"17" is odd and "seventeen" is even: Meaning and physical form in stimulus-parity synaesthesia.
White RC., Dumbalska T., Duta MD., Nation K.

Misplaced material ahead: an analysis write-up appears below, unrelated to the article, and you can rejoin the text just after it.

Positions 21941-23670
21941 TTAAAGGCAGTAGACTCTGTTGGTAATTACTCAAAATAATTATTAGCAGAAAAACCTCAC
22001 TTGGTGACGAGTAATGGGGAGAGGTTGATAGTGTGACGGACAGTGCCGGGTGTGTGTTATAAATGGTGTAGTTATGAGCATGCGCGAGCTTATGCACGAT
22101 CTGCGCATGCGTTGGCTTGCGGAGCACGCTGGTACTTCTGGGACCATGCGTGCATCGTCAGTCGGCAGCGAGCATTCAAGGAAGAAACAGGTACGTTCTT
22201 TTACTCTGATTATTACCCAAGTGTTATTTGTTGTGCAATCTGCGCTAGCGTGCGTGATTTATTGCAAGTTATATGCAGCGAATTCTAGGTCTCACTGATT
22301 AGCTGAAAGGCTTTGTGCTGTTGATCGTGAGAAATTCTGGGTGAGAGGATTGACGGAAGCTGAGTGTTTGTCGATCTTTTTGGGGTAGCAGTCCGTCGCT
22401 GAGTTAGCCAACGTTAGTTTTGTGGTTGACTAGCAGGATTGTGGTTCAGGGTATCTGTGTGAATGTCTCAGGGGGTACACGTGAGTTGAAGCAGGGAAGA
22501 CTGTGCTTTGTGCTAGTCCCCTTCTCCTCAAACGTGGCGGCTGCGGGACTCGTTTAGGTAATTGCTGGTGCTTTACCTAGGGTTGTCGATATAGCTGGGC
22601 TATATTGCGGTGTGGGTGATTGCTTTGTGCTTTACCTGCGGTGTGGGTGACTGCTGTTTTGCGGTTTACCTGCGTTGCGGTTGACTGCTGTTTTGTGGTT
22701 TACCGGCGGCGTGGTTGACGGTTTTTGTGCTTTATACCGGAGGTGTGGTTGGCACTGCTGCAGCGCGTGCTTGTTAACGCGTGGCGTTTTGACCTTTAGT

For individuals with stimulus-parity synaesthesia, eliciting stimuli (e.g., shapes, numbers, letters, colours) trigger a compelling feeling of oddness or evenness. Given that (a) many inducers are conceptual and (b) parity is itself a conceptual property, one questions whether stimulus-parity synaesthesia will be a categorically higher subtype, such that the conceptual properties of stimuli will be crucial in determining parity. We explore this question as it applies to Synaesthete R, one of only two stimulus-parity synaesthetes known to the contemporary literature. In Experiments 1 and 2, we examine whether parity is tied to concepts or percepts, asking, for example, whether a rectangle is even regardless of whether it is presented as an image or a word. Our results indicate that the parity of shapes (words and images), numbers (words, digits, and Roman numerals), and letters (lowercase and uppercase) differs according to the stimulus format, supporting a perceptual explanation. In Experiment 3, we examine the parity of colour stimuli, showing a systematic relationship between the measurable physical properties of hue, saturation, and lightness and synaesthetic parity. Despite the conceptual nature of inducers and concurrents, for Synaesthete R, stimulus-parity synaesthesia is a lower subtype; perceptual properties of stimuli determine parity.